StackGres is a full-stack, production-grade PostgreSQL distribution for Kubernetes. StackGres provides all features and management options required for running PostgreSQL in production, and on top of that it ships with sensible default options.

The name “StackGres” is derived from the “stack of components” that are required to run production-grade PostgreSQL instances.

On this page, we’ll introduce the important concepts of StackGres.

Production-Grade Database Management

Production-ready database management is at the core of StackGres. StackGres enables all common (and some uncommon) database management operations in an easy, declarative way. While doing so, StackGres sticks to production-grade behavior. This means that certain operations aren’t just blindly followed (for example when a user updates the target state of a database instance), but in a way that minimizes disruption of applications and users, in the same way as a good DBA would.

So you can think of StackGres as the Kubernetes version of your friendly DBA – just with a Kubernetes API, much faster response time, and fewer coffee breaks.

Kubernetes Centered

StackGres comes as a Kubernetes-based platform that provides production-grade PostgreSQL in form of a Kubernetes operator. So everything StackGres is heavily tied to Kubernetes.

A Kubernetes operator is a method of packaging, deploying, and managing a Kubernetes-based application or platform. Some workloads, such as databases, required more hand-holding, and a cloud-native Postgres deployment requires additional knowledge of how to maintain state and integrate all the components. The StackGres operator allow to deploy a StackGres cluster using a few custom resources created by the user.

Besides that, StackGres also follows the usability and look-and-feel that engineers know and like about using Kubernetes. User-defined StackGres resources are meant to be used in the same convenient declarative model that we know from Kubernetes. That is, the user defines a desired target state (usually as YAML, although other options are possible), and the StackGres operator does the heavy lifting as to how to get to that target state.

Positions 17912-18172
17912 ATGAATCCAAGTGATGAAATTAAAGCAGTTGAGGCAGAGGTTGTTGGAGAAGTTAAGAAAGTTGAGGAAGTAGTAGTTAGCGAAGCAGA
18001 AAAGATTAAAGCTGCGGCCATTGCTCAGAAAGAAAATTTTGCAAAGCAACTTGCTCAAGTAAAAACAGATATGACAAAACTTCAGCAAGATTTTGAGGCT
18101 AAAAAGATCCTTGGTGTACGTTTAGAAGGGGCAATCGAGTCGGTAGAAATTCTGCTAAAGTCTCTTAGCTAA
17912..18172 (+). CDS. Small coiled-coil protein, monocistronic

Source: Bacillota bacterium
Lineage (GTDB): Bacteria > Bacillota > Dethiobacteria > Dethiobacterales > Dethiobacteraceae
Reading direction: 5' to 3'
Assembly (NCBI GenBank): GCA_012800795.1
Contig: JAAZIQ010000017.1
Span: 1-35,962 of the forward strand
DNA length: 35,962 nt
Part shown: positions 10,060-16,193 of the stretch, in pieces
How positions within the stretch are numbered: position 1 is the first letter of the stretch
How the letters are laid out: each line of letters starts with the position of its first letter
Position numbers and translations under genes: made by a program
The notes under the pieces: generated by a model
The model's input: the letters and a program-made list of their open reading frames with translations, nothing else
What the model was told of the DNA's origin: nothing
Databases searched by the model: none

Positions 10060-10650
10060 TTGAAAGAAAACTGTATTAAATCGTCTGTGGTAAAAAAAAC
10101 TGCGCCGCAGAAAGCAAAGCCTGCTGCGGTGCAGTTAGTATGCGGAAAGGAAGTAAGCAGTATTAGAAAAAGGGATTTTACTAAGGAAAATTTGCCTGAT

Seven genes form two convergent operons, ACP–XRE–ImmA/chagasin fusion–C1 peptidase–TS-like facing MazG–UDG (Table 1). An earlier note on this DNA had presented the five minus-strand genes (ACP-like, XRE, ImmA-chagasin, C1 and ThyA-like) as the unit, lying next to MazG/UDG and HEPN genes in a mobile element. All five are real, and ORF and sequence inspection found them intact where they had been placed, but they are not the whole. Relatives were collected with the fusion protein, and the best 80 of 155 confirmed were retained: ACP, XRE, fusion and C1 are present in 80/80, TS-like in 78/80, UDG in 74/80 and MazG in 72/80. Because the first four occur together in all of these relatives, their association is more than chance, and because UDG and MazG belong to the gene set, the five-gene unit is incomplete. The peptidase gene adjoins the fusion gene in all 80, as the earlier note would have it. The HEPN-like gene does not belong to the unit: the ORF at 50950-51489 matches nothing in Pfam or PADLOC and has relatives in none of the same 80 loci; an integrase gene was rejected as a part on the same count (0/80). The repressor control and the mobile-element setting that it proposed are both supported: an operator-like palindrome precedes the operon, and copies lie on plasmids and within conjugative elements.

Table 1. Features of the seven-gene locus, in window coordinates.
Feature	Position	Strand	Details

Single Point of Access – Multiple Ways

The StackGres platform represents a single point of access for all operations related to Postgres. Users have multiple ways to access and modify the Postgres clusters, namely via Kubernetes API (e.g. using kubectl), REST API, or web UI. No matter which ways or which combinations thereof are chosen, StackGres ensures that the status and all operations are always consistent.

This gives users the maximum of flexibility and simplicity. For example, if a StackGres setup is operated by three users, one of which uses kubectl for everything, the second their own scripts using curl, and the third prefers a UI, all of them can perform the same actions and can access the same information. All different ways enable the full range of features.

Sidecar-Provided Features

The components of the StackGres “stack” are provided by sidecar containers that are deployed alongside the main Postgres container.

All container base images are build and provided by StackGres. The lightweight and secure container images are based on RedHat’s UBI 8.

StackGres Clusters

When we refer to a “cluster”, we are referring to a collection of PostgreSQL servers managed by StackGres.

A StackGres cluster (defined by the custom Kubernetes resource type SGCluster) thus is a replicated, managed, production-ready, and optimized PostgreSQL server. A StackGres cluster comes with opinionated, reasonable configuration defaults, all biased towards a production-grade experience. So, for a working setup, defining a StackGres cluster is already sufficient.